In both cases, the polymerisation is preferably carried out in two or more stages, in which the temperature is gradually raised or raised in step-wise manner from an initial temperature of about 40 to 60 C. to a final cure temperature of about 100 C.

As disclosed in British Pat. No. 1,475,605 hydrophilic polymers containing copolymerised unsaturated acid, e.g. methacrylic or acrylic acid, retain a larger proportion of water in their swollen condition by treatment with an aqueous alkaline solution. This has the effect of converting the acid groups to carboxylate salt groups, which apparently impart a greater water-holding capacity to the hydrogel.

Preferably the NVP is employed in an amount of from 30 to 50% by weight and the TPT in an amount of from 0.1 to 0.5%.

The polymers prepared accoring to the present invention are similarly treated with aqueous alkaline solution when forming the hydrogel or subsequently to its formation. The conditions described in the above mentioned British patent may be employed, preferably treatment at a pH of about 7.4 to 8 with a dilute aqueous solution containing sodium or potassium ions.

The invention accordingly includes a contact lens comprising a polymer hydrogel having a water content of from about 50 to 85% by weight of water, preferably 55 to 80%, and containing alkali metal or alkaline earth metal carboxylate moieties, wherein said polymer is the product obtained by polymerising in the presence of an azo type initiator from 25 to 50% by weight of N-vinyl pyrrolidone, up to 5% by weight of acrylic or methacrylic acid, 0.1 to 1% by weight of 1,3,5-tris(propenoxy)-2,4,6-triazine (TPT) as cross-linking monomer, the balance being essentially hydroxy ethyl methacrylate.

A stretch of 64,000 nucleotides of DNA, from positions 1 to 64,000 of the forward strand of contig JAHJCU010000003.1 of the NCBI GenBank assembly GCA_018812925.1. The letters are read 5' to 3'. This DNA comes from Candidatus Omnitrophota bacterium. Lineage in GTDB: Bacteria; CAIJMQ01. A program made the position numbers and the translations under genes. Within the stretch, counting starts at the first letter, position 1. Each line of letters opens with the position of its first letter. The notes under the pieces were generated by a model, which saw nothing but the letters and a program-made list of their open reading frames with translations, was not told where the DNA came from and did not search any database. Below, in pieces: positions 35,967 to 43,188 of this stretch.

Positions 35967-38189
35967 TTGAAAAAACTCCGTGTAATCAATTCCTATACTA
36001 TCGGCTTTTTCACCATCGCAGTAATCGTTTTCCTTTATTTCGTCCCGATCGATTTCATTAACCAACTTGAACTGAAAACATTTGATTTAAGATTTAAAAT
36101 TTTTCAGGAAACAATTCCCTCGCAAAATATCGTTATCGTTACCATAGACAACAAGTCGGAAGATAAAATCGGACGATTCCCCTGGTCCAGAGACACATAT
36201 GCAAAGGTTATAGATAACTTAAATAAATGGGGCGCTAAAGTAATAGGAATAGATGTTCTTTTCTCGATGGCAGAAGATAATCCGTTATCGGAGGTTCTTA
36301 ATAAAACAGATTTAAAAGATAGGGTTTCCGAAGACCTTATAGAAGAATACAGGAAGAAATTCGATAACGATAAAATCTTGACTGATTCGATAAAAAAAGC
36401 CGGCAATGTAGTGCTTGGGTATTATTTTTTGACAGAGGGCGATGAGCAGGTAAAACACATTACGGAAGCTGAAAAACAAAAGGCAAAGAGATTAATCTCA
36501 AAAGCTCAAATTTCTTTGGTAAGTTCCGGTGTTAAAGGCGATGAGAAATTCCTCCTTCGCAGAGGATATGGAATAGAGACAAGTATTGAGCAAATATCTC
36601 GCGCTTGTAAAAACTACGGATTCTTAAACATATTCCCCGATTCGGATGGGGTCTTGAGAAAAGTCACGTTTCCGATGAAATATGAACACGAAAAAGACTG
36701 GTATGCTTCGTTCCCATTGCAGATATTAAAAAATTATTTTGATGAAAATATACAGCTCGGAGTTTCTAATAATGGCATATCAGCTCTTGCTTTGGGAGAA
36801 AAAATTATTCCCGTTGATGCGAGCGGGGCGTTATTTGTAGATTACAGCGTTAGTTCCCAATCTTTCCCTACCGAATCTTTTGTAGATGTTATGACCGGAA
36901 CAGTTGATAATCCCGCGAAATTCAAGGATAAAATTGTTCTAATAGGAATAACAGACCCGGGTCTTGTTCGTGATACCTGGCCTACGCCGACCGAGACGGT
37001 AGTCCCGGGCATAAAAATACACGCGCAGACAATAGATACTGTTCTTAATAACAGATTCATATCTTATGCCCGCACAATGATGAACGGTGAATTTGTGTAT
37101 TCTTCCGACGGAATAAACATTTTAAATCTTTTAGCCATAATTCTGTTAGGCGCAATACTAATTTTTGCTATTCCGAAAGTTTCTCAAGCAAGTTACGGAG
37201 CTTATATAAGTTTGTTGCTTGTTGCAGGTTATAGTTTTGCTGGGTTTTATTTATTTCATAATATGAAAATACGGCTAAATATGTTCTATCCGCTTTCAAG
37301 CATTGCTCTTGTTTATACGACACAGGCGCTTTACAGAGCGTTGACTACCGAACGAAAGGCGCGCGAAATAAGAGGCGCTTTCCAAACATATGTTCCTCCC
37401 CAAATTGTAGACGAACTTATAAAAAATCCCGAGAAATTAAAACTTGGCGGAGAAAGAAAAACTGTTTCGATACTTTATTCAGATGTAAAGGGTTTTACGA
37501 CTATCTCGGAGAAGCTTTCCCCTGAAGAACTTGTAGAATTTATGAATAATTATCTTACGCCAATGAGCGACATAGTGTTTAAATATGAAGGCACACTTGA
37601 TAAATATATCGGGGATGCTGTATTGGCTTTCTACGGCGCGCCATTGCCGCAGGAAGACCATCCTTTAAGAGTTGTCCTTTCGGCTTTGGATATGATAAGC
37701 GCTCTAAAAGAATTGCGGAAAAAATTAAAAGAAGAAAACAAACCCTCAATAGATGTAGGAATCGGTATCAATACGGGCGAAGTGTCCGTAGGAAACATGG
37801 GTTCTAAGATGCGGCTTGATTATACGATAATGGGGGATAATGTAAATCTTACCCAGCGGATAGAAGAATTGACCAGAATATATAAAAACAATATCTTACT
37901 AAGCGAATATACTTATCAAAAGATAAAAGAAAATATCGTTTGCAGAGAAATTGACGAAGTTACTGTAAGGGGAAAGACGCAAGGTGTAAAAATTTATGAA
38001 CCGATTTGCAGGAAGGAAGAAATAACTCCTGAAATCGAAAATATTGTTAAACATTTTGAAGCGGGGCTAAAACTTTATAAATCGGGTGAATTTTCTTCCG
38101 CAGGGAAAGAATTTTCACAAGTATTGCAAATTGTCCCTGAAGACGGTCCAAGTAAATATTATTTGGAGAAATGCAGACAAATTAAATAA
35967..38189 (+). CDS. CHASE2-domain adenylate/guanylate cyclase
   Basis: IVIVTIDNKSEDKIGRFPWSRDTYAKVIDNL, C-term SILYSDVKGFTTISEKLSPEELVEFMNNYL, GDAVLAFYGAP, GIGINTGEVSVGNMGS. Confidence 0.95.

The following Examples are given to illustrate the present invention:

EXAMPLE 1

Purified HEMA containing about 0.08% of ethylene glycol dimethacrylate (EGDM) and about 0.2% of methacrylic acid was mixed with NVP, 1,3,5-tris(propenoxy)-2,4,6-triazine (TPT) and additional methacrylic acid (MA) to produce a monomer mixture having the following analysis:

______________________________________Monomer       % by weight______________________________________EGDM          0.06MA            1.76NVP           39.32HEMA          58.61TPT           0.25______________________________________

AIBN was added to the monomer mixture as the sole polymerisation initiator in an amount of 0.2 gram per 100 grams of mixture.

The mixture as filtered and freed from oxygen by bubbling nitrogen through the mixture for 5 minutes. Contact lenses were made from the mixture by two methods as follows:

(A) In the first method the mixture was filled into PTFE button-shaped moulds and polymerised by heating at 55 C. for 20 hours in a water bath and then heated at 120 C. for 3 hours. Contact lenses were machined from the resulting hard buttons using a contact lens lathe. After extraction of unreacted monomer and other residual materials using water in a Soxhlet apparatus, the lenses were equilibrated in an aqueous solution buffered at a pH of 7.5. The water content and linear swell factor of the resulting lenses are given in Table 1 below and the mechanical properties in Table 2 under 1A.